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In A Window Opens, beloved books editor at Glamour magazine Elisabeth Egan brings us Alice Pearse, a compulsively honest, longing-to-have-it-all, sandwich generation heroine for our social media-obsessed, lean in (or opt out) age. Like her fictional forebears, Kate Reddy and Bridget Jones, Alice plays many roles (which she never refers to as "wearing many hats" and wishes you wouldn't, either). She is a mostly happily married mother of three, an attentive daughter, an ambivalent dog owner, a part-time editor, a loyal neighbor, and a Zen commuter. She is not: a cook, a craftswoman, a decorator, an active PTA member, a natural caretaker, or the breadwinner. But when her husband makes a radical career change, Alice is ready to lean in - and she knows exactly how lucky she is to land a job at Scroll, a hip, young startup that promises to be the future of reading, with its chain of chic literary lounges and dedication to beloved classics. The Holy Grail of working mothers - an intellectually satisfying job and a happy personal life - seems suddenly within reach.
Despite the disapproval of her best friend, who owns the local bookstore, Alice is proud of her new "balancing act" (which is more like a three-ring circus) until her dad gets sick, her marriage flounders, her babysitter gets fed up, her kids start to grow up, and her work takes an unexpected turn. Listeners will cheer as Alice realizes the question is not whether it's possible to have it all, but what does she - Alice Pearse - really want?
Customer ReviewsMost Helpful
By Ranch Girl on 05-29-16
Not riveting, sometimes tedious
This is a story detailing the generally mundane events in the life of Alice Pearse, typical to the lives of many working mothers juggling careers and motherhood. Of course there are some life changing events as well. The writing is decent but not great, and for me there were too many mundane details that did not advance the story. There really isn't that much plot, so it is more a story about the characters. Unfortunately, I didn't really bond with Alice as much as I would like, given that the story is told in first person. She had a bit of an attitude toward others that seemed harsh. So, not a bad listen, but I speeded up to 1.25X about 1/4 of the way through and kept it there. I guess it just wasn't particularly my cup of tea.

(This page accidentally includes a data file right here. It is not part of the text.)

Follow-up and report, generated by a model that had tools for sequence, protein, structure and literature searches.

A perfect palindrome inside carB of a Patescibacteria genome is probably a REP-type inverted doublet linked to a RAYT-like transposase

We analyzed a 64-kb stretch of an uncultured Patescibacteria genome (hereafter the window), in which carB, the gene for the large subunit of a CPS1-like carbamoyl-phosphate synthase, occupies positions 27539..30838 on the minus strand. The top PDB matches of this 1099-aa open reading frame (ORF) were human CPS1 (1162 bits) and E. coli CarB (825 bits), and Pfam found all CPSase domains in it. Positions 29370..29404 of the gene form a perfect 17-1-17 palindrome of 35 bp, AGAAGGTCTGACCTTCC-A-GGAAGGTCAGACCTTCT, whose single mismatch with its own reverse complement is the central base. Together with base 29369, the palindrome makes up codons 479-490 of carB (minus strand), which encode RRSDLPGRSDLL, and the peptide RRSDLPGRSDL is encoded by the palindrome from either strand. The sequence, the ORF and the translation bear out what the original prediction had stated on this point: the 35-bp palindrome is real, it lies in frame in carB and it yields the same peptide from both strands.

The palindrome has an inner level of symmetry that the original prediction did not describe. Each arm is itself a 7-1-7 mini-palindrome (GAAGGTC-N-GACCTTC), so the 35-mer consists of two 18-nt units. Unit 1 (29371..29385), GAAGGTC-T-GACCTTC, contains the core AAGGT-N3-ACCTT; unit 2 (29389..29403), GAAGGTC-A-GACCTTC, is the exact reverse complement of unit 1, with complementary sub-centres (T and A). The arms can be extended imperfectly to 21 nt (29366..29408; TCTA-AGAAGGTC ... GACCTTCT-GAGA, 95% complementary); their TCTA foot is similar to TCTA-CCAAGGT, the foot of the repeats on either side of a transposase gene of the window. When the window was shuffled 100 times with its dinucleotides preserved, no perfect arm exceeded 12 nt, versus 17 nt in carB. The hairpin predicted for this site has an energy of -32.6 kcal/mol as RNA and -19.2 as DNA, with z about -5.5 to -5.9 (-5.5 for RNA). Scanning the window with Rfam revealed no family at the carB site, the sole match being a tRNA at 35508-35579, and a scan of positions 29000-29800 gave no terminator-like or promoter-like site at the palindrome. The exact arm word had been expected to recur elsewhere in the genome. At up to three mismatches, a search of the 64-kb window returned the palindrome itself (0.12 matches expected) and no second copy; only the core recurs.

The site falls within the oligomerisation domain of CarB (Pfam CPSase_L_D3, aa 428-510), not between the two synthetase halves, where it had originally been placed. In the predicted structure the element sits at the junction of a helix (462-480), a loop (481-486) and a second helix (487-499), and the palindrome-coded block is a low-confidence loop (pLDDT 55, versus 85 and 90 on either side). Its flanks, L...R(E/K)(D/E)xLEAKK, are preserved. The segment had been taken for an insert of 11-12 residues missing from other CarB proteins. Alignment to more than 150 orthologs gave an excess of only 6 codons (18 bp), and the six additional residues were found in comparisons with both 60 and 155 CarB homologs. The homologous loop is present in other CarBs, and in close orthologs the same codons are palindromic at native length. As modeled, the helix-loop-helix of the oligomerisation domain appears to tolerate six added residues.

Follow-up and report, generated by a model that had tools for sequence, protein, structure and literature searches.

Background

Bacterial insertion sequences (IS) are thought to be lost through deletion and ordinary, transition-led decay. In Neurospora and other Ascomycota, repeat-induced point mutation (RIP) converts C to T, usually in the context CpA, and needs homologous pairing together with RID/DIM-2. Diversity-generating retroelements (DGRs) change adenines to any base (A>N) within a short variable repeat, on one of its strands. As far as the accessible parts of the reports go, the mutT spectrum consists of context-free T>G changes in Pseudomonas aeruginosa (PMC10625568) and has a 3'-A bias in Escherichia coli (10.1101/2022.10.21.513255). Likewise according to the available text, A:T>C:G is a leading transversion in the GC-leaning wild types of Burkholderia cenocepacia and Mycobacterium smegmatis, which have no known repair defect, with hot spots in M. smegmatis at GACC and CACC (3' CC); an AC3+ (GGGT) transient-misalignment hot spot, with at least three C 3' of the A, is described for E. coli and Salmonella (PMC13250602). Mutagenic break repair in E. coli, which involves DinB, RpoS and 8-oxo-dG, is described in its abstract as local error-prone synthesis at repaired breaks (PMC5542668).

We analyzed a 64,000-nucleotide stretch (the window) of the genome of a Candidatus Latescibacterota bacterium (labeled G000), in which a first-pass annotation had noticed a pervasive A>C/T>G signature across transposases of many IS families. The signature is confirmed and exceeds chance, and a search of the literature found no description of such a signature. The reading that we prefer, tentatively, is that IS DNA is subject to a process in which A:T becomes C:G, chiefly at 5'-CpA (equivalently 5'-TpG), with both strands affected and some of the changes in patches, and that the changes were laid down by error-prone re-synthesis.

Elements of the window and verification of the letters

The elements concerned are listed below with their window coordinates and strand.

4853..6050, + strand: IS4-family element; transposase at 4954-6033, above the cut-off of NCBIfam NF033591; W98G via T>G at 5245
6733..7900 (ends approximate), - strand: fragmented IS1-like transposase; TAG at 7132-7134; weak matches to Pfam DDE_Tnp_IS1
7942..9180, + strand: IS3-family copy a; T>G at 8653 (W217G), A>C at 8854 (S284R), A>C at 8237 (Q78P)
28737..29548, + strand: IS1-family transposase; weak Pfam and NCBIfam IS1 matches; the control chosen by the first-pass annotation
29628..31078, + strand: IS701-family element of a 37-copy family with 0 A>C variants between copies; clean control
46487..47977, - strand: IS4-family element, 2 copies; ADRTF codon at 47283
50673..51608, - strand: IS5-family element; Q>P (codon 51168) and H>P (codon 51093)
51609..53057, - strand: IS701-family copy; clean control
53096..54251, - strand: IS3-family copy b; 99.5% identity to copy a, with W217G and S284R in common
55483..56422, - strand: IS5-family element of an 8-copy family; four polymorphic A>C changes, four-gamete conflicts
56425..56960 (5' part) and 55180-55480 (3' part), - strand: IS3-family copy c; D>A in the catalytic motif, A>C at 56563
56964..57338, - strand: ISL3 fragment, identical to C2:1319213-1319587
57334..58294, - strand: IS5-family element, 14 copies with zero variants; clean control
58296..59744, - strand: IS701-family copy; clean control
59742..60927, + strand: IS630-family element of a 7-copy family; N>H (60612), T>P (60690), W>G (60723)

6 of 6 people found this review helpful
By deborah on 09-30-15
Male voices very jarring
Would you listen to A Window Opens again? Why?
No - I don't listen to a story a second time.
What did you like best about this story?
I loved the references to books, authors, and places.
What about Julia Whelan’s performance did you like?
I thought the performance was excellent when she was an adult female voice.
Did you have an extreme reaction to this book? Did it make you laugh or cry?
There were many aspects that were easy to relate to.
Any additional comments?
I thought the male voices were absolutely ridiculous and that somewhat spoiled the listening experience for me. I think that a straight narration or using a male actor would have been far better.
5 of 5 people found this review helpful